8. Check the temperatures of the pancakes to insure they are safe before eating them. Steam may get trapped inside air pockets in the batter.

 

The Instructions

Introducing to GCode Commands

Become familiar with PancakeBot's G-code commands and a G-code file.

G-code Commands

PancakeBot is a CNC machine which uses basic commands to move the bottle to different places on the griddle, and drop pancake batter.

The commands are written in a programming language called G-Code that tells a machine how it should make a pancake.

 

Here is a list of the commands that commands that PancakeBot uses.

 

 

Typical G-Code File Setup

When creating a G-Code file, you simply use a text editor and change the extension of the file from .txt to .gcode. You will neet to set up your settings on your computer to see file extensions if you cannot see them.

You can add comments after the semicolon after any command.

For Example, if you want to make a comment after the G-Code command to turn the motors off, you write the following:

M84; Turn Movement Motors Off

 

You can also just add a semicolon and a comment afterwards.

 

A newline is a new command.

 

Task 1:

Write the G-code command to create a line from the following points:

10,15 to 30,40

 

Task 2: Write the G-code command to set the speed to 5.4 meters per minute

Task 3: Write the G-code command to turn the batter pump on, and then add a the comment “Batter is flowing!”

Square Pancake: Setup

It is time to code and draw your first pancake. You'll set up the coordinates, and print out your pancake. You'll aslo get an opportunity to review your design and make changes to it.

  • Open up a new text file and save it with the name BigSquare with the extension “.gcode” – BigSquare.gcode
  • Add the following starter parameters to the file by either copying or pasting them into your file.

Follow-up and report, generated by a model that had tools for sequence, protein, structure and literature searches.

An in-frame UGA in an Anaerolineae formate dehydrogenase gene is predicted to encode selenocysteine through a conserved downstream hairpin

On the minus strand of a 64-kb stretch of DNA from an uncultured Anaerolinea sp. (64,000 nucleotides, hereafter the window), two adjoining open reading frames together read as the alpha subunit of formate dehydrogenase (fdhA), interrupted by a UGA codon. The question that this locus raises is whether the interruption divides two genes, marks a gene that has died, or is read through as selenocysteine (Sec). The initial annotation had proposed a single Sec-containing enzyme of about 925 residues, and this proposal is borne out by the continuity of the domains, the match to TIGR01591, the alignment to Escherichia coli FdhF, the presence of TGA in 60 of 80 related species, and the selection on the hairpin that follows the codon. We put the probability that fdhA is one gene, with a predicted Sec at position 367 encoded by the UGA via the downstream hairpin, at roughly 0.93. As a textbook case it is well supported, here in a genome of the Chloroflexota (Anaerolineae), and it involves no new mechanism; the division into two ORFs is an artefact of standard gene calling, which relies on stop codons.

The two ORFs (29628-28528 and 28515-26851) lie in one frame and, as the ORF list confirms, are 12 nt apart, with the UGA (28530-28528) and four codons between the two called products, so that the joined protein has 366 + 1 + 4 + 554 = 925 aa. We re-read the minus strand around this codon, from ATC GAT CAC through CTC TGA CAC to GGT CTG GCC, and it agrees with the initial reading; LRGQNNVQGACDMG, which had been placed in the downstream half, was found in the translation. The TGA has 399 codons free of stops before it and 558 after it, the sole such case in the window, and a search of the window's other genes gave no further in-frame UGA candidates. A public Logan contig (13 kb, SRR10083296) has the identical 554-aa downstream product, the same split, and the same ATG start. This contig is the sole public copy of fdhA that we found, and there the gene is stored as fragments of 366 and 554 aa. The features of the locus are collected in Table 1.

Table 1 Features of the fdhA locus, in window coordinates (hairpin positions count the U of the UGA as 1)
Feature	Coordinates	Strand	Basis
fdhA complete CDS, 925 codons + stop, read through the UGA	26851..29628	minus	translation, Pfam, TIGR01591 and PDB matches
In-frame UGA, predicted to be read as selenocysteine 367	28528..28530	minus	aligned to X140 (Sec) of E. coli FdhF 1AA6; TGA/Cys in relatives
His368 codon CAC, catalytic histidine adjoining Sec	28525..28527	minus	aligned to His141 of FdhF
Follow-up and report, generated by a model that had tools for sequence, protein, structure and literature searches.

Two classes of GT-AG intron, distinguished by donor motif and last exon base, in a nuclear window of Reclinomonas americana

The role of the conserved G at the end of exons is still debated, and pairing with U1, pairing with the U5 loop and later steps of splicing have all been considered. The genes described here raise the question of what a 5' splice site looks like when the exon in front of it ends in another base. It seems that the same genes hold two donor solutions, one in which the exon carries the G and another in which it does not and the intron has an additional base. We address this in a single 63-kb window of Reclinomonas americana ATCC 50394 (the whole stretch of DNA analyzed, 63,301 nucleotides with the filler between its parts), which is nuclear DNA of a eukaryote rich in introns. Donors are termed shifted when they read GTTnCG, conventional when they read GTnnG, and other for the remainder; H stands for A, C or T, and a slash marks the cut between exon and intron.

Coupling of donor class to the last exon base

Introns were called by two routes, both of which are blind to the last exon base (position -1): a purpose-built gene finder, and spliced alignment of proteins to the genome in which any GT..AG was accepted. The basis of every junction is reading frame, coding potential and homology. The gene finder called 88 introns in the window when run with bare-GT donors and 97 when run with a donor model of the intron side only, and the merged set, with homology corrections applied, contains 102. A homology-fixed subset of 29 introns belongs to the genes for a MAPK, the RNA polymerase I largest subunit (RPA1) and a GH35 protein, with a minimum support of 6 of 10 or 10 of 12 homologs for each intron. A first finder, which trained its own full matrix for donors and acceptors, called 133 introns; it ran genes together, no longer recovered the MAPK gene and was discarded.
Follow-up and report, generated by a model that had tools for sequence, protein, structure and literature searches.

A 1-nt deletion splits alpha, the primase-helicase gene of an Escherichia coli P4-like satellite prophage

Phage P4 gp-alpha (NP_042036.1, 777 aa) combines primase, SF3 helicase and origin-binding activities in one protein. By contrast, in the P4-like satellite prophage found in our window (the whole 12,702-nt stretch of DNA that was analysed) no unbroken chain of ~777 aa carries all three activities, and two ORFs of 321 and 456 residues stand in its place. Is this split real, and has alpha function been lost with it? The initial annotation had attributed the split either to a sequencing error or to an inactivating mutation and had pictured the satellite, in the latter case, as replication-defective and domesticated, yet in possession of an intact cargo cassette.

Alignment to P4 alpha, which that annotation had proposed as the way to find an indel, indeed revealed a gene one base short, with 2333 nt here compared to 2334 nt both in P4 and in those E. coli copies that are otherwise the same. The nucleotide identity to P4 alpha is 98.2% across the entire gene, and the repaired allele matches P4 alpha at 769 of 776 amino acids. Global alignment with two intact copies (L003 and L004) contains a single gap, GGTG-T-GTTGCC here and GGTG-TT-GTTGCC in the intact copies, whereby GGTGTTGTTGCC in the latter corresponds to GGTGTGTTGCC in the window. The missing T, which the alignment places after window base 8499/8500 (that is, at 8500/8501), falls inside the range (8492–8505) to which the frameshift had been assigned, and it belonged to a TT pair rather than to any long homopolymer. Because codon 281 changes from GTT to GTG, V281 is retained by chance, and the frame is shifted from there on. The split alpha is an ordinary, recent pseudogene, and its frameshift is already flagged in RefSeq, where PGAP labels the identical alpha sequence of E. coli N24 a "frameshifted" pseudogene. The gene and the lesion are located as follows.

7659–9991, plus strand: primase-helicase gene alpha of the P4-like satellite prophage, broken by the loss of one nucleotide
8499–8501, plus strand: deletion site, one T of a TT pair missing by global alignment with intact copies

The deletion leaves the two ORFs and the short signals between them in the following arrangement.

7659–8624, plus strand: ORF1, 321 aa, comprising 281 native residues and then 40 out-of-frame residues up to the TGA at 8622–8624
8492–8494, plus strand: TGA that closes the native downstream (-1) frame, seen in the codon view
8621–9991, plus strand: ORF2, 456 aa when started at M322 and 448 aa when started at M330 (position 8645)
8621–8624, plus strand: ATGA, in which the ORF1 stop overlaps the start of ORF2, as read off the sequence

*******

;Set Up My PancakeBot

G21; Set Units to MM

G1 F7600; Set Speed to 7600 mm per minute

M107; Turn Batter Dispenser off to stop batter flow

G28; Home All Axis

 

;Making My Pancake

 

 

;Finish Printing

G28 X0 Y0; Home all axis

M84; Turn Movement Motors Off

*******

  • Leave several spaces after the “Home All Axis” and the “Making My Pancake Comment”

 

Once the file is set up, we can now begin looking at how we will draw our square pancake.

Note that this setup can be used for al types of pancakes!

 

Square Pancake: Getting your movement coordinates

In this step you'll make a drawing on graph paper, and use that drawing as a reference for your square pancake. The PancakeBot uses mm as its unit of measurement, but your graph paper does not have to be in mm, you just have to be consistent with your numbers.

When you look at the griddle of the pancakebot, you will need to imagine that there is a grid made up of one by one mm squares. There are 220 squares along the short side of the PancakeBot griddle, and 485 squares on the long side of the PancakeBot griddle, this means we have an area of 220mm x 485 mm. In Figure 1, we shows squares every 10 mm (not to scale).

For your first pancake, you’ll only need to go out at least 150 mm. You can set up your graph paper to have as many mm per square as you want based on the scale of your drawing. In Figure 2, each square is 10mm X 10mm

This grid shows a square with the following coordinates

(30,30)

(130,30)

(130,130)

(30,130)

 

Notice that the points aren’t in any order, so you could start drawing your pancake from any point. For this example, we will start at (30,30) and move in a counterclockwise fashion. Use Figure 3 as a referance.

 

 

Next, we need to take these coordinates and write them into the G-Code so PancakBot can understand what to do.

 

We’ll go ahead and start off with 30,30 as our first point and work our way around.

 

G00 X30 Y30; Move bottle to coordinates (30,30)

G00 X130 Y30; Move bottle to coordinates (130,30)

G00 X130 Y130; Move bottle to coordinates (130,130)

G00 X30 Y130; Move bottle to coordinates (30,130)

G00 X30 Y30; Move bottle to coordinates (30,30)

 

Figure 4 shows how the G-Code and Coordinates relate to one another.

 

These are the G-Code Commands we will be using to tell the PancakeBot to move from one spot to another.

Square Pancake: Putting it all together